Silver Knight

Raúl Esparza comes home to perform 'Babalu'

Broadway star Raúl Esparza, 39, grew up surrounded by the Cuban culture of Miami. The only child of exile parents, the actor graduated from Belén Jesuit Preparatory School (where he won a Silver Knight in Drama in 1988) and New York University and, since 2004, has earned Tony Award nominations in every male acting category: best featured actor in a musical (Taboo), best actor in a musical (Company in 2007), best featured actor in a play (The Homecoming in 2008) and best actor in a play (Speed-the-Plow in 2009).

Since making his professional acting debut at 18 in Mixed Blessings at the Coconut Grove Playhouse, Esparza has done his acting elsewhere -- until now. Babalu, a tribute concert puttogether by Lucie Arnaz at Manhattan's 92nd Street Y last January, is coming to the John S. and James L. Knight Concert Hall at Miami's Adrienne Arsht Center for the Performing Arts July 8-11. The daughter of Lucille Ball and Desi Arnaz (aka Lucy and Ricky Ricardo on TV's I Love Lucy) celebrates the music of her late father in a narrated song-and-dance program. Esparza, Arnaz and Valarie Pettiford are featured as vocalists, a pair of Latin dancers performs, and the music gets made by the New Desi Arnaz Orchestra with Desi Arnaz Jr. on percussion.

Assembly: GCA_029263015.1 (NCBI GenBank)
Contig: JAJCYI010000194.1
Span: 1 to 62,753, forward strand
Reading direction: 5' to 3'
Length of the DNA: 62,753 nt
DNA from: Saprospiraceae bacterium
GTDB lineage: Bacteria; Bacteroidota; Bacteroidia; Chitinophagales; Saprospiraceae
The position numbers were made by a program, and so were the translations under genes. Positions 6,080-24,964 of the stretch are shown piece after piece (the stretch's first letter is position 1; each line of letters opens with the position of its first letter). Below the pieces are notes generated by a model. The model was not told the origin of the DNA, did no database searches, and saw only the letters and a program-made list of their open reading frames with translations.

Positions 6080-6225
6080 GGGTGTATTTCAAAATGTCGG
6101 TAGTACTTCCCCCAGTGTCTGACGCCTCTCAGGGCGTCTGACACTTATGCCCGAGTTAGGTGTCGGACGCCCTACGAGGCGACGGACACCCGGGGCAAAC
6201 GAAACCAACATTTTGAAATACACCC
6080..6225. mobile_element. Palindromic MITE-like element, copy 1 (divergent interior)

On Wednesday, Esparza chatted by phone from New York about the show that will soon bring him home.

Why did you want to perform in Babalu?

"Because of the music, the history and the family connections, I got to touch base with myself. Desi's greatest thing was popularizing Latin and Cuban music in the United States. He became a Hollywood star by being very Cuban. He put the lie to theidea that everyone has to be a certain way to fit in."

What do you do in the show?

"I happen to be the guy who speaks Spanish, so most of what I sing is in Spanish."

Why did Lucie Arnaz want to bring the show here?

"When Miami became an option, we all jumped on it. If you want to perform Cuban music, Miami is the place. We have the opportunity to do it for ourgreatest and toughest audience."

What does it mean to you to be performing again in your hometown?

"This is music that I learned to sing sitting on my grandmother's knee, music that my mom played on Saturdays at home. It's so fundamentally something that shaped me; it contains a whole history of Cuban longing. Who I am isjust a Cuban kid from Kendall. I'm still just amazed that I've been able to perform Sondheim, get Tony nominations, be on TV and do movies. But it really leads back to who I am. There is nothing more powerful than connecting with home and family."


Tickets, $35-$70, go on sale May 21 at or 305-949-6722.